Spokane Regional Networking, Social Media, Professional and Business Development
I was selected by NYU to attend their WE2 conference with 249 other women-owned businesses in the U.S. An overarching theme at WE2 was scalability, which implies that the underlying business model offer the potential for economic growth. I get it and I can write volumes of my ‘potential’ scalability. It’s necessary to show it in an attempt to predict failure, but the reality is that there are risk factors to predicting economic growth as well. I am asking myself these questions and you should too:
1) Customer Behavior – Do they care? Are they retainable?
2) Recurring Revenue – is money being made while you sleep? If not, then what is the plan to get them in while you are awake? My model is transactional and I have added products that bring in monthly recurring revenue now.
3) Resources – Are they assets? What is the value of these resources to growth? Provisional assets will define your experience and delivery. I learned the hard way that there are “Ponzi Schemers” in the resource field. Truly be careful, especially when the economy is on the skids. When businesses need money, they will promise you anything to be your partner.
4) Rank your daily activities – which ones are crucial? As Seth Godin says “time spent doesn’t equal success”. I struggle with this. I have been told by one of my partners that my value is needed in growing the company, not the daily grind. I admit though that I am afraid if I turn my back on the daily grind, what I have built so far may lose its position.
5) Reliability – this is the nail in the coffin if you don’t get it right regarding partners and suppliers. Reliability = Accountability in my book and it’s a lost character trait. I say bring it back!
6) Cost – Initial, ongoing, future. I run a cash business. It is a service and it pays for itself as long as I personally am involved. The problem is expanding. Planning the cost of growth was somewhat delinquent on my part, however I’m working on it now.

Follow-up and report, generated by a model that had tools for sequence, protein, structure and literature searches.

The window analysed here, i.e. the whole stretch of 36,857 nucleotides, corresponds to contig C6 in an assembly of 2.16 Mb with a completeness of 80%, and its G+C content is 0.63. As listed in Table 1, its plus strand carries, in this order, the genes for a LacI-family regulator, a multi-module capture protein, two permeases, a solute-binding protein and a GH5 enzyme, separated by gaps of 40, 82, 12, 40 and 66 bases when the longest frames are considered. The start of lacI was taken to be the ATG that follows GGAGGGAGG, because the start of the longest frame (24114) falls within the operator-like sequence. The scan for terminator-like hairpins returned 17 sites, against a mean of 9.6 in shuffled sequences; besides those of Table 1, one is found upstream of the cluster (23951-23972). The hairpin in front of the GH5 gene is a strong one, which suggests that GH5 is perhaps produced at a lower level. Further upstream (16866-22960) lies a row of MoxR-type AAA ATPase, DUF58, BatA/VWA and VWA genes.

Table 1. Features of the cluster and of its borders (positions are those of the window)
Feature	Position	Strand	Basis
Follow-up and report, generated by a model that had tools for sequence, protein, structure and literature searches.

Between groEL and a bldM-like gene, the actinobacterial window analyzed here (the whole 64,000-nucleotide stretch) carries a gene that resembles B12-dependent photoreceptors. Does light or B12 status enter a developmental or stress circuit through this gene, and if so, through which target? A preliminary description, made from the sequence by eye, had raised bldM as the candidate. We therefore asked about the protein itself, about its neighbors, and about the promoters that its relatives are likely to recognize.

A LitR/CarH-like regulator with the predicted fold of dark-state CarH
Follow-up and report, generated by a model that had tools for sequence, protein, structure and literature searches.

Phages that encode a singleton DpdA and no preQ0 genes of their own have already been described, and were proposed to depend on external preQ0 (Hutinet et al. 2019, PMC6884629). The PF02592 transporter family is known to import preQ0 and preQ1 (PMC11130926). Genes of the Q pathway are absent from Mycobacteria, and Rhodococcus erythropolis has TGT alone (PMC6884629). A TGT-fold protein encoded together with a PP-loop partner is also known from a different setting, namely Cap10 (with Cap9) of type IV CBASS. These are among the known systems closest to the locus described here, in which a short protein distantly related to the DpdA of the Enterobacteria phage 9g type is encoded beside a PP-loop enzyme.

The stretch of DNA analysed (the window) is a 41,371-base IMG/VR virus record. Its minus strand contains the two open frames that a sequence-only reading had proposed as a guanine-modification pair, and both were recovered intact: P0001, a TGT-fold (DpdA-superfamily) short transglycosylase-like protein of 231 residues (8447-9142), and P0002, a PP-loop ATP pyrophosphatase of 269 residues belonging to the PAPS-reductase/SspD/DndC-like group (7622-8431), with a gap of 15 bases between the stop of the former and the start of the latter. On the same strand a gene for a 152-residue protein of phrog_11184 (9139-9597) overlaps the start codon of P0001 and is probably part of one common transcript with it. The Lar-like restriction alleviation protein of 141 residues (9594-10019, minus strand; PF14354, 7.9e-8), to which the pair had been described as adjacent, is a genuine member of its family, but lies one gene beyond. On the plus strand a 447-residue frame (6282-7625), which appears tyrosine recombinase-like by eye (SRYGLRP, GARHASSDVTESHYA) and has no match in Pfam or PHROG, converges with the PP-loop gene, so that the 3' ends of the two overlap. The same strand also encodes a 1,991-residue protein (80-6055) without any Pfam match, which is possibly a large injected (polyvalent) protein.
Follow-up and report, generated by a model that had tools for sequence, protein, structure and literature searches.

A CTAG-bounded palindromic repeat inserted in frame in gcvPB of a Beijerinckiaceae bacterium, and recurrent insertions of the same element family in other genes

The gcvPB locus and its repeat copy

7) Change – this is vital. No one ends up using their initial business plan. Are you flexible? There are aspects to my business that I am firm on because of the niche, however, over the last year I have made a few changes that give the business a bigger audience.
8) Confidence or Aggressiveness. Which one pays the bills? Being aggressive I say … ask Jennifer Hyman of Rent the Runway. I loved her story about turning objections from clothing designers into creating a new market for them. My “scalability” for confidence is off the charts. However, when I was at WE2, I had to laugh out loud at the aggressive behavior of the women attending. I loved it … for real. I was also wishing for an IV hook up to a few people – their blood type transferred to mine, not just for the aggressive gene but the luck and “who they know” quotient. As I was waiting my turn to speak to Arianna Huffington, no less than 10 women stepped in and interrupted when it was my turn. Being the southern gal I am, I just tolerated it and ended up walking out with her. She was polite and informative … worth the wait and at the end of the day, I was aggressive enough and received the information I needed. Yes … I’ll take aggressive over confident, some may argue it’s the same thing, but I don’t think so.